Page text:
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Welcome to Sha’ar

"My success as a rabbi isn't going to be measured by how many people I inspire to live my Jewish life, but by how many people I can inspire to live their own authentic Jewish life."

Rabbi Adina Lewittes

Shabbat Shalom 

פְּסָל־לְךָ֛ שְׁנֵֽי־לֻחֹ֥ת אֲבָנִ֖ים כָּרִאשֹׁנִ֑ים

Carve for yourself two tablets of stone like the first (Shemot 34:1)

וְיִקְח֣וּ אֵלֶיךָ֩ פָרָ֨ה אֲדֻמָּ֜ה תְּמִימָ֗ה אֲשֶׁ֤ר אֵֽין־בָּהּ֙ מ֔וּם אֲשֶׁ֛ר לֹא־עָלָ֥ה עָלֶ֖יהָ עֹֽל

[Instruct the Israelite people] to bring you a red cow without blemish, in which there is no defect and on which no yoke has been laid. (Bamidbar 19:2)


After Moshe breaks the Luhot HaBrit, God tells him to prepare another set of stones for the second tablets to be inscribed with the commandments:
פְּסָל־לְךָ֛ שְׁנֵֽי־לֻחֹ֥ת אֲבָנִ֖ים כָּרִאשֹׁנִ֑ים/carve for yourself two tablets of stone like the first...
Why is the word “לְךָ֛/for yourself” included? Why isn’t it just “פְּסָל/carve two tablets of stone”?  

Ibn Ezra notes that the extra word is for emphasis. Whereas the first tablets were received passively by Moshe, these were to be a joint Divine-human effort, hence, “carve for yourself.” The second set of commandments is the one that endured because Moshe was actively involved in making them, just as our own Jewish commitments help sustain their sanctity. 

But Ibn Ezra also notes how this formulation is similar to the earlier command to Avraham, “לך לך/ go forth to yourself.” The Mei Hashiloach interprets that command to mean “go forth to find your authentic self, to learn who you’re meant to be.”

“Carve for yourself” has a similar message: record these commandments as the pathways to living your most righteous life. But the message goes even deeper if we read it as “carve yourself.”

We’re not summoned to the Brit, the covenant, to sit back and receive the gifts of sacred responsibilities. Rather, we’re to shape and sculpt ourselves into beings worthy to receive and strong enough to embrace the gift of Torah and her holy, ennobling obligations. More than open our arms, we need to open our hearts and minds; to carve and mold our values, morals, and priorities.  We need to make ourselves a tablet on which the ever unfolding Torah of the Jewish people can continue to be inscribed.

This week, all of our Sha’ar programs have been preparing us for this Refugee Shabbat, sponsored by HIAS. GroundWaves hosted Susan Roy, a prominent immigration attorney and former immigration judge. Our Justice Beit Midrash hosted HIAS’ Rabbi Rachel Grant Meyer. Watch the recordings here and here. Tomorrow at our Shabbat service we’ll welcome Jorge Pillcorema, an Ecuadorian asylum grantee who will share his story.

Even in these last few days we’ve configured ourselves and our community to manifest our conviction that all human beings are to be treated with dignity and respect, especially those who are vulnerable. In doing so, we've deepened our readiness for the mitzvah of welcoming the ger, the stranger seeking a home among us.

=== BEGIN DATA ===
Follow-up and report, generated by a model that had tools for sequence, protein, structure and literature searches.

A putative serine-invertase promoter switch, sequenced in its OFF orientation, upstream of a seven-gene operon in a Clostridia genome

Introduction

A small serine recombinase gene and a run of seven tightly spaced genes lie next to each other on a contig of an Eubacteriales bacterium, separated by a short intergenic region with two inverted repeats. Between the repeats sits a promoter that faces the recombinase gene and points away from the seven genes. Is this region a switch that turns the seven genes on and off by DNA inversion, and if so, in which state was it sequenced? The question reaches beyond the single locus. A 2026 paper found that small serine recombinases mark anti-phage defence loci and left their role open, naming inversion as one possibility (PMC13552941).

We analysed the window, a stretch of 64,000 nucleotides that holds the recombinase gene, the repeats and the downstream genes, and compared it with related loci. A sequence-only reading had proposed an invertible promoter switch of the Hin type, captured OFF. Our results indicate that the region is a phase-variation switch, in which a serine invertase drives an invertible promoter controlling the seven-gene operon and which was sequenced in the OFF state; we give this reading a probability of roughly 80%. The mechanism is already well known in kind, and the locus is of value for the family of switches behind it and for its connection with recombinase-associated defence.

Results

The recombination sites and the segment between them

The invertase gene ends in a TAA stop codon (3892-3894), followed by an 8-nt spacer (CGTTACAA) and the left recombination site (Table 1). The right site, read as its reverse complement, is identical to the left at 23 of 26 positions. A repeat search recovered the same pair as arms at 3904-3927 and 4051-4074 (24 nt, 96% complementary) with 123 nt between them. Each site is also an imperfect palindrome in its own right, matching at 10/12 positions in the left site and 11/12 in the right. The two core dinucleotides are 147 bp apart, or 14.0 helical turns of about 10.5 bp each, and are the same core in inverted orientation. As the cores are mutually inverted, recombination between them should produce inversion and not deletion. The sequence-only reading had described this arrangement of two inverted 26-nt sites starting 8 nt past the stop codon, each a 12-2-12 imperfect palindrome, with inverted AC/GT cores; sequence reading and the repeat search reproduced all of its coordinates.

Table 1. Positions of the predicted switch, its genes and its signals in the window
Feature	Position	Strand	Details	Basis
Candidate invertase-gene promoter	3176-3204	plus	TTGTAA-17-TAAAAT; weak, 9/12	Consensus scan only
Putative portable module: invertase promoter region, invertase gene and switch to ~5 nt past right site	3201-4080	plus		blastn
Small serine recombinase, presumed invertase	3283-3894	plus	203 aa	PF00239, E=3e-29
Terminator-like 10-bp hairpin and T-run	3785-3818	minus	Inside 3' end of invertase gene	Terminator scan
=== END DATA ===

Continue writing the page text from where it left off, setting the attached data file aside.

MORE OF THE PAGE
Let this past week and this Shabbat not remain isolated in the calendars of our hearts; let them inspire and motivate us to act in the weeks, months and years ahead. After all, “פְּסָל־לְךָ֛/carve yourself” is not a one-time commandment; it’s one that is fulfilled over the course of a lifetime, over and over again. Indeed, it is the very task of life to constantly be in a state of becoming.  Never think you’ve grown all you can grow, that you have become all you can become. For the journey is never-ending. There is always more wisdom to discover and integrate. There are always more people to love and honor.

Shabbat Shalom,

Shabbat Morning Service  with Special Guest Gorge Pillcorema:   Saturday, March 6   at   10:00am EST





Refugee Shabbat 2021 is a moment for congregations, organizations, and individuals in the United States and around the world to dedicate a Shabbat experience to refugees and asylum seekers.

Find the virtual Siddur here.
Register here.

GroundWaves with Special Guest  Vanessa Wruble :   Monday, March 8 at 8:30pm EST


Vanessa Wruble is the co-founder and lead organizer of the Women’s March on Washington, where she served to right the imbalance of power, fight on behalf of all marginalized people, and ensure the end of structural patriarchy. She went on to co-found and lead March On, whose campaign "March On The Polls" is credited with substantially shifting the power balance in the country.


Sha'ar Justice Beit Midrash 2020/2021   : Wednesday, March 10,   7:00-8:30PM EST  


In the traditional style of a Beit Midrash (House of Study), we’ll combine wrestling with sources together with guided teachings focused on a range of societal issues: civic responsibility, democracy, leadership, race, immigration, healthcare, income inequality, climate, and more. Each unit will be capped by a visit with a leading activist or advocacy organization to build the bridge between learning and doing, and to catalyze the transformational impact of our study.

For more information click here.




Watch our Justice Beit Midrash session with Rabbi Rachel Grant Meyer of HIAS who brought passion, insight and guidance to the issues of refugees and responsible immigration reform and how we can each make a difference.


Book Talk with Author Nessa Rapoport : Thursday, March 11 at 7:30-8:30pm EST




Join us in welcoming Nessa Rapoport back to Sha'ar for a discussion and Q&A of her book Evening.

Please submit your questions for Nessa beforehand to

Register here.
Purchase Evening here.

Evolve Podcast -   Human Composting: Good for the Environment, But Is It Kosher?



 Listen to Dini speak about green approaches to death and burial with Rabbi Seth Goldstein in an engaging episode of the Evolve  podcast entitled "Human Composting: Good for the Environment, But Is It Kosher?"

Listen to the podcast here.

Fri, March 5 2021 21 Adar 5781